As this debate was raging in Washington, South Carolina Governor Nikki Haley approved legislation to remove the Confederate battle flag from the statehouse grounds in Columbia, and the flag was removed by an honor guard on Friday morning.

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Senator Takes Heat For “Quit Whining” Remark

Ocheyedan, Iowa — A northwest Iowa state senator is taking heat after an email exchange earlier this week.

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Iowa State Senator David Johnson (R – Ocheyedan)

A high school science teacher in Waterloo sent an email to Republicans in the Iowa Senate, outlining his concerns about state funding for public schools and he was told to “quit whining” by one of them. Vaughn Gross had just ordered supplies for the coming school year when he found out Governor Branstad vetoed nearly 56 million dollars in funding for public schools. Gross then sent a mass email to 23 Republican senators, asking them to support a special session to boost school finances.

Senator David Johnson, a Republican from Ocheyedan replied, saying Gross lacked the courage to reveal where he was from and he told the teacher to “quit whining.” Gross posted the exchange on his Facebook page. He says, “I was surprised by kind of the tone. I didn’t think it was actually him and then gave him a post and, you know, gave him a chance to reply and he said it was him and wasn’t really apologetic about it,” Gross says. “That was pretty shocking.”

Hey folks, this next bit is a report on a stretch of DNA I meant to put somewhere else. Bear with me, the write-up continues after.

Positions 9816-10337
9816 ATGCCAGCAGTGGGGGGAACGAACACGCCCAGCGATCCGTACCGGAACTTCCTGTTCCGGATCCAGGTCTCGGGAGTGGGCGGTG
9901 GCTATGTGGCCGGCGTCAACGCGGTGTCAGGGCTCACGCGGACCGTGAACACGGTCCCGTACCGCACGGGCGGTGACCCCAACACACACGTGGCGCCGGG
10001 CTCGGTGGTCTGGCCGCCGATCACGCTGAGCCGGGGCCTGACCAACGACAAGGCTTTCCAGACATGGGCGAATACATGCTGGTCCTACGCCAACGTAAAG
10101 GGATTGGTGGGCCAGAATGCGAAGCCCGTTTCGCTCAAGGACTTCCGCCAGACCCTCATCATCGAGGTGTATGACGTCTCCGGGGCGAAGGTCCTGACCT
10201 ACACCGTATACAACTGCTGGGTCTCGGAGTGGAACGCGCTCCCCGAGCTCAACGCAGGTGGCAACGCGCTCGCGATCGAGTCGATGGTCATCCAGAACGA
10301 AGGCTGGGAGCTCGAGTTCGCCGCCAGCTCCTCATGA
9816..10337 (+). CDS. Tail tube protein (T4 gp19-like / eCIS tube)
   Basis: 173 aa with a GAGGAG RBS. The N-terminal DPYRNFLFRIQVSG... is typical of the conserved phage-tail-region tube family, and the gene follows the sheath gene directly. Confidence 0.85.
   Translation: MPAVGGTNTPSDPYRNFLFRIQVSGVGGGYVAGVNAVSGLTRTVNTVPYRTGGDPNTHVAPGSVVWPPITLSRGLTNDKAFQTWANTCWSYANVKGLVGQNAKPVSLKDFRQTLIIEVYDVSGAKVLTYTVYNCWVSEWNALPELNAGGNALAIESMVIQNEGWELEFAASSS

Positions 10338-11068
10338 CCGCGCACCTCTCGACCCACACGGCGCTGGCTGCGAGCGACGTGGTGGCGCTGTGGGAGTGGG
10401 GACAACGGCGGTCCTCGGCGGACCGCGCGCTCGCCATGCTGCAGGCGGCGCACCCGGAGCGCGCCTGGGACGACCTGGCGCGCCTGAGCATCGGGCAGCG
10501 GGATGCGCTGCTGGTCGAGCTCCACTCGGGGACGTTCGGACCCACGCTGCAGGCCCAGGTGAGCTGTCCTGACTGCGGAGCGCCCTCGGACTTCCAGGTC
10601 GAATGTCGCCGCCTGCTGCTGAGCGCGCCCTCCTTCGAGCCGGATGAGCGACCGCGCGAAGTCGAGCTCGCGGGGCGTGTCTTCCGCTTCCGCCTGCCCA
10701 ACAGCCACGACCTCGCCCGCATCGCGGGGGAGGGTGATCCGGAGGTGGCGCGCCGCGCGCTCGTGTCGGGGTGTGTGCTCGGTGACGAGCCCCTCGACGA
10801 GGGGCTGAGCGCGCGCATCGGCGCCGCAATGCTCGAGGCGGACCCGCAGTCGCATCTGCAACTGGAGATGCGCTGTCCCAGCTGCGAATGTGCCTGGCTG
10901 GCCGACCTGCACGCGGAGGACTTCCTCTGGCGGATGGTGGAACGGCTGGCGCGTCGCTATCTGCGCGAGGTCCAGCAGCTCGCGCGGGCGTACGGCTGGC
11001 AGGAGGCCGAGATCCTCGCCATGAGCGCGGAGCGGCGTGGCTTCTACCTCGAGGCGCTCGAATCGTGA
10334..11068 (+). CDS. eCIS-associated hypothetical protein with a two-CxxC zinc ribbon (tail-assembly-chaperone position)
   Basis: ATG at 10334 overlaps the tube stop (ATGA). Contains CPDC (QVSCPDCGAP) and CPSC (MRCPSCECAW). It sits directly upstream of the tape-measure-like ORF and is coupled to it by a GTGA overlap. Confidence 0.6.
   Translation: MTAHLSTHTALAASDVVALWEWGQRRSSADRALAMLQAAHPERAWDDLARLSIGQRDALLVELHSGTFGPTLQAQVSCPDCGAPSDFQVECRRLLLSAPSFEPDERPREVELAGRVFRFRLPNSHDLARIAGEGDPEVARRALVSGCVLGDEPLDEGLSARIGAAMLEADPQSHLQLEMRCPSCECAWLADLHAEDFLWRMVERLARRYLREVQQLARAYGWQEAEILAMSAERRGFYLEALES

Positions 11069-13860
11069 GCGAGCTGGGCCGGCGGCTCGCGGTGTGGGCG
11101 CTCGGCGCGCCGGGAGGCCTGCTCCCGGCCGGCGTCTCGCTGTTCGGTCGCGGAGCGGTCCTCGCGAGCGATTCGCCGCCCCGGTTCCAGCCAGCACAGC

Senator Johnson says he gets a lot of unsigned email and he stands by his “quit whining” message. He calls it a “test” to see if the email was genuine — saying, “Sometimes, in order to have a constructive conversation — especially about education, you have to put your foot down and I did,” Johnson says.

Johnson and Gross had an email exchange on Wednesday and Thursday of this week. It was “much more civil” according to the teacher.

(as said) “Had a decent exchange of some ideas,” Gross says. “I mean obviously we have some areas of disagreement, but it was straight-forward and kind of what I expected the first time.”

The senator says the two had a “constructive” conversation, but Johnson says he’s getting plenty of inappropriate messages from others.

(as said) “I’ve been called so many vulgarities,” Johnson says. “I did not engage in vulgar, obscene language.”

Some of those came via email and, while Johnson isn’t on Facebook, Johnson says he’s been told what’s been posted there. Johnson has been a member of the legislature since 1999.

Johnson serves Senate District 1, which covers Lyon, Osceola, Dickinson, Clay, and Palo Alto counties.

Story from Radio Iowa

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Months Until Bird Flu Facilities Can Restart

Washington, DC — Two Iowans who testified at a Senate Ag Committee hearing on bird flu Tuesday say it will still be several months before their facilities are re-stocked and operating again. James Dean of Sioux Center is the chair of United Egg Producers, and says they want to be sure all the farms around them have the infected birds hauled away before they bring in new birds.